In a similar spirit, I would like to announce that I am suspending my activities as a music critic.
For more than three decades, I’ve written for various newspapers, magazines, websites, and for my own blog, “Eatock Daily” (which you are now reading). But for the last year or so I’ve been wondering if I really want to continue reviewing concerts and writing about music.
In January, I respectfully severed my ties to the last few publications that would still pay me a modest fee for my work. And now, I’ve also decided to stop posting concert reviews to this blog.
Why? The demise of music criticism in the mainstream press is certainly a discouraging factor. However, I don’t share the view that some people in the business hold as to why this has happened. I don’t think it can be entirely blamed on declining print-media revenue, or on philistine entertainment editors who care only about pop culture. These are contributing factors, to be sure – but I think there are more deep-seated reasons.
I believe that our culture (and by “our culture” I’m talking about North America, and perhaps also Europe, to some extent) has undergone a fundamental shift. Expertise is no longer much valued in the cultural sphere; rather, it seems that the currently prevailing belief is that any one person’s opinion is as good as any other’s. Furthermore, if critical judgements are acknowledged at all, they are the judgements of the masses, expressed in economic terms: what is best is what sells the most.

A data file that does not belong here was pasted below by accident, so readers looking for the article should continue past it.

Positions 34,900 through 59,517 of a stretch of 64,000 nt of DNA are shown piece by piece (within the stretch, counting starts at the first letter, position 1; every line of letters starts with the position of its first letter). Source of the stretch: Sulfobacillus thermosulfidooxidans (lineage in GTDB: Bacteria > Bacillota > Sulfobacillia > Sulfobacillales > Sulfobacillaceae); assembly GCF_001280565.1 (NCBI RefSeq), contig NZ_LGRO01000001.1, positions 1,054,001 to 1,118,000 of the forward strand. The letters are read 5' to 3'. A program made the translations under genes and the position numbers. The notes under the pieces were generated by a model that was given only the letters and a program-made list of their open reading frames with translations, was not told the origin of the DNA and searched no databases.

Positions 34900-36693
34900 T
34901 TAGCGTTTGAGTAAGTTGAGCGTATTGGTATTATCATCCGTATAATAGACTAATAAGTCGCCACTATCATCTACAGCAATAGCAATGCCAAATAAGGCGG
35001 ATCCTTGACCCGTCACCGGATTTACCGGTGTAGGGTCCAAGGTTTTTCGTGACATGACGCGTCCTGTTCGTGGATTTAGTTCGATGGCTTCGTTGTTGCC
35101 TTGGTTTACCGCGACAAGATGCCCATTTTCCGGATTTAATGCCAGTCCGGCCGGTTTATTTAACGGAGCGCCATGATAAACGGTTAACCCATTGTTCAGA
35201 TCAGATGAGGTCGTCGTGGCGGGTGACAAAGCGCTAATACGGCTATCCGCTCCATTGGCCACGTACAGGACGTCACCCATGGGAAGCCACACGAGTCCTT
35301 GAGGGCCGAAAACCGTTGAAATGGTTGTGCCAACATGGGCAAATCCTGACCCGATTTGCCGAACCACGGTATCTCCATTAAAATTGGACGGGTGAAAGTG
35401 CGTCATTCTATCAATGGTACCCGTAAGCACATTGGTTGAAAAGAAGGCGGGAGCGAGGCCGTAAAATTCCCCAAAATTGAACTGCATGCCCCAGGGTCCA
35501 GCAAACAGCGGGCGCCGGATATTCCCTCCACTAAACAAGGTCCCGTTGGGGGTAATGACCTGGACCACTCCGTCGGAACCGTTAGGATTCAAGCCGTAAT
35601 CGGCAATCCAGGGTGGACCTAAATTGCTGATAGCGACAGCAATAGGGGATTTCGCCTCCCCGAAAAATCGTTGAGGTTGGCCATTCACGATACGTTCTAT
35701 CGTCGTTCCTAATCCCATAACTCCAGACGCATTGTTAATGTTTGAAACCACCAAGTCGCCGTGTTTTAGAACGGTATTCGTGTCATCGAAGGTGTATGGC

There are some determined “elitists” who steadfastly oppose this trend. I wish them well, but I’ve come to the conclusion that to stand against this sea-change is to defy the incoming tide, as King Canute once tried to do. And even Canute knew when his feet were wet.
As a profession, classical music criticism emerged in the early 19th century and remained an esteemed aspect of musical culture to the end of the 20th century. It had a good run. But to cling to the idea, in the year 2018, that music criticism remains somehow relevant, and to soldier on with it, is to behave like a child clinging to a much-loved but hopelessly broken toy who refuses to throw it away and get on with life.
On a more personal note, I will add that I’ve enjoyed my years as a critic and journalist writing about music and musicians. It was fun while it lasted, and the free tickets were much appreciated! But at the same time, the precariousness of the work has taken a toll. For the last decade, the life of a freelance critic has become an increasingly difficult and frustrating struggle – and the end-result of the struggle was not any kind of advancement to a more secure, ongoing situation, but just more struggling.
However, all is not doom and gloom chez moi. I have never forgotten that my involvement in criticism was tangential to my main musical interest. I am a composer, first and foremost, and my chief musical goal is and always has been to write music. And as my interest in criticism has waned, I’ve felt a renewed energy and sense of purpose as a composer. It’s my intention, at this time (having reached the ripe old age of 60), to focus my time and efforts on composition.
Will I continue to contribute to this blog, in any way, shape or form? Will I write as a composer, rather than as a critic? Will I find some other subject to write about? Maybe – but truth be told, I don’t really have any inclination to blog about anything at this point in time.
But, of course, I am only “suspending” my campaign!
© Colin Eatock 2018